I once told one of my principals that I felt more like a cowboy on a cattle drive than an educator. I was always playing a game of hurry up, hurry up. I had to outline the course of the entire school year to be certain that I covered every single skill and concept. I built in days here and there for review but those were few and far between. I used spiraling in my warm ups, tests, quizzes, and even within the main lessons but I still felt hard pressed to keep moving forward even as I knew that some of my students were losing ground. There were common assessments looming at the end of each grading period and the big daddy state tests at the end of the school year. Both my students and I would be judged on success or failure. I had to keep pushing forward even as I saw some of my kids lying exhausted in a ditch of despair. It was depressing to see them that way and to know in my heart that if only I had more time with them I would be more than able to provide them with the extra push that they so needed.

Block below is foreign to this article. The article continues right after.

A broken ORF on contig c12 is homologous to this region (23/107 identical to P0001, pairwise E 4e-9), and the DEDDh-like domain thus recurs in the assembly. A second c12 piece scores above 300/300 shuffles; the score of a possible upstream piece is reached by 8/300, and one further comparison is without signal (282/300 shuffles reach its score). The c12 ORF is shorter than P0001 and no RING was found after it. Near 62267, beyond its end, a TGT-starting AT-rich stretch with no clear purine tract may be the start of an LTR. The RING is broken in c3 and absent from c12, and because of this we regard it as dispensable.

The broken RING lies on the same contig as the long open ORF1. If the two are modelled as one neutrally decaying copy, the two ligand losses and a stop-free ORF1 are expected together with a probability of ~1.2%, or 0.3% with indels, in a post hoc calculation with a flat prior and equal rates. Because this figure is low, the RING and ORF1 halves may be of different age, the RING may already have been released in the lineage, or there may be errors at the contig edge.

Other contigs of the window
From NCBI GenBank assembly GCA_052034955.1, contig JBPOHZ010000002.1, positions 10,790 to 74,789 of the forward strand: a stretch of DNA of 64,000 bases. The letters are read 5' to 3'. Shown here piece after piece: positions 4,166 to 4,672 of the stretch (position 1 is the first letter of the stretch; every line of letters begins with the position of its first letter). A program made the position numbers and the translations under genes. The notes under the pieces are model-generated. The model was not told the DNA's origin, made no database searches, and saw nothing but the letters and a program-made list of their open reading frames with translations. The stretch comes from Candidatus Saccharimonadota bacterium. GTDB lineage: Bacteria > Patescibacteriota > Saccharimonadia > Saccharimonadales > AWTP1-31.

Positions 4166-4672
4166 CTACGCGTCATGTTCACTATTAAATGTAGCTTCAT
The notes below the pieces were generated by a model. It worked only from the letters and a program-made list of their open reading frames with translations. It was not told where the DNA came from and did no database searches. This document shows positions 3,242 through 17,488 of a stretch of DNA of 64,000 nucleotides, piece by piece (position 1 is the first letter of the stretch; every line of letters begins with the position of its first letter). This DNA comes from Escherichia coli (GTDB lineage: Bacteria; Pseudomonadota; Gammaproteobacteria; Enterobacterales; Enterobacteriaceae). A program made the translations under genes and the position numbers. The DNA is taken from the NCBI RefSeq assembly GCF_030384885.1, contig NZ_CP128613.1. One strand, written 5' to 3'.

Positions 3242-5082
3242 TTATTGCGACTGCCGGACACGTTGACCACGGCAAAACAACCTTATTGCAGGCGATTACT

From my tutoring I have become convinced that the majority of students need targeted and personal attention beyond the confines of the classroom if they are to enjoy mastery of mathematics. After a lesson on a particular concept they are still somewhat confused. There are gaps in their comprehension and questions that need answers. If the construction of the school day provides them with the time to process the information and to interact with a tutor they will generally achieve a level of comfort and understanding. Without such accommodations they lack the foundations needed to continue building upon prior learning.